99 When Scope Lifetime Closures A function with free (nonlocal) variables lus an environment that closes the function E.g., in ython (3.0):

100 When Scope Lifetime Closures A function with free (nonlocal) variables lus an environment that closes the function E.g., in ython (3.0): def makecounter (init): counter = init def increment(): nonlocal counter counter += 1 return counter return increment

101 When Scope Lifetime Closures A function with free (nonlocal) variables lus an environment that closes the function E.g., in ython (3.0): def makecounter (init): counter = init def increment(): nonlocal counter counter += 1 return counter return increment >>> c = makecounter(0) >>> c() 1 >>> c() 2 >>>

102 When Scope Lifetime Closures A function with free (nonlocal) variables lus an environment that closes the function E.g., in Lisp

103 When Scope Lifetime Closures A function with free (nonlocal) variables lus an environment that closes the function E.g., in Lisp (let ((counter 0)) (defun count () (incf counter) counter))

104 When Scope Lifetime Closures A function with free (nonlocal) variables lus an environment that closes the function E.g., in Lisp (let ((counter 0)) (defun count () (incf counter) counter)) CL-USER> (count) 1 CL-USER> (count) 2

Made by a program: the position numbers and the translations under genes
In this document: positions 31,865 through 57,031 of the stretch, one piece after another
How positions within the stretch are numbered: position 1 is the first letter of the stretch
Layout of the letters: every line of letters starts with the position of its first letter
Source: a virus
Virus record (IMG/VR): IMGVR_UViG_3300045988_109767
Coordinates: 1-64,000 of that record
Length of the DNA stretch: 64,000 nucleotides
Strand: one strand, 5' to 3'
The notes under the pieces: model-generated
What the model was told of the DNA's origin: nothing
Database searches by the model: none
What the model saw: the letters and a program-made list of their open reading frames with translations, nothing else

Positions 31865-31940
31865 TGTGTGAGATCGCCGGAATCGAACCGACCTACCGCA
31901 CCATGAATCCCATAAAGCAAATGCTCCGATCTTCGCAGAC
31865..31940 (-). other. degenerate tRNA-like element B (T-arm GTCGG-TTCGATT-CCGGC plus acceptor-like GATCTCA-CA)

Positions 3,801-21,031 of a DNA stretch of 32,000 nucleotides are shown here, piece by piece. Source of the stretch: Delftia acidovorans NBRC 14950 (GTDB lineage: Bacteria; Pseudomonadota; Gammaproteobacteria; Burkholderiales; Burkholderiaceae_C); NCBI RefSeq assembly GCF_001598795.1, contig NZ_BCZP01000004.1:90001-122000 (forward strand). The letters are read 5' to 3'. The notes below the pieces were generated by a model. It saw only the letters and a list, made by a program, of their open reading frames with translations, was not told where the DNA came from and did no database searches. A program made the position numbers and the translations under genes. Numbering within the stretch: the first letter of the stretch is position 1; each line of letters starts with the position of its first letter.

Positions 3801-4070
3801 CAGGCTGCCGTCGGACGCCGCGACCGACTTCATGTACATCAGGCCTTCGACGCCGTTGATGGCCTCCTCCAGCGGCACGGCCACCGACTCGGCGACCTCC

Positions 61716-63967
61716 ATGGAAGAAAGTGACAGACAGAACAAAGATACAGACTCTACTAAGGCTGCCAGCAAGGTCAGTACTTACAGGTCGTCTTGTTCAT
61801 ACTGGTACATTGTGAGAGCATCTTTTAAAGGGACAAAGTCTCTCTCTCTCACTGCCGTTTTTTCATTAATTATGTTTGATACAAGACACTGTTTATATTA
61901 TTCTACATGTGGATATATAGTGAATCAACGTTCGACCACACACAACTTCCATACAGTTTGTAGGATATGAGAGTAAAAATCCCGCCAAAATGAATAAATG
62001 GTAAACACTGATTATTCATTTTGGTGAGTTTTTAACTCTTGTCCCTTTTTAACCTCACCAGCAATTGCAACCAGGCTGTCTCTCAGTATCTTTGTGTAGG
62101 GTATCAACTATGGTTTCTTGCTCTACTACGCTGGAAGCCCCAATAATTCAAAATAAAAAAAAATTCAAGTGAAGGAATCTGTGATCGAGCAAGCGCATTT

105 Referencing environments Referencing environment: All the names visible at some point in a program (e.g., at a statement) Static scoping: local vars + vars in all enclosing lexical scopes (ancestor scopes) Dynamic scoping: local vars + all visible vars in all active subprograms

106 Static scope example procedure Example is A, B : Integer; procedure Sub1 is X, Y : Integer; begin -- of Sub1 < end -- of Sub1 procedure Sub2 is X, Z : Integer; procedure Sub3 is X : Integer; begin -- of Sub3 < end -- of Sub3 begin -- of Sub2 < end -- of Sub2 begin -- of Example < end -- of Example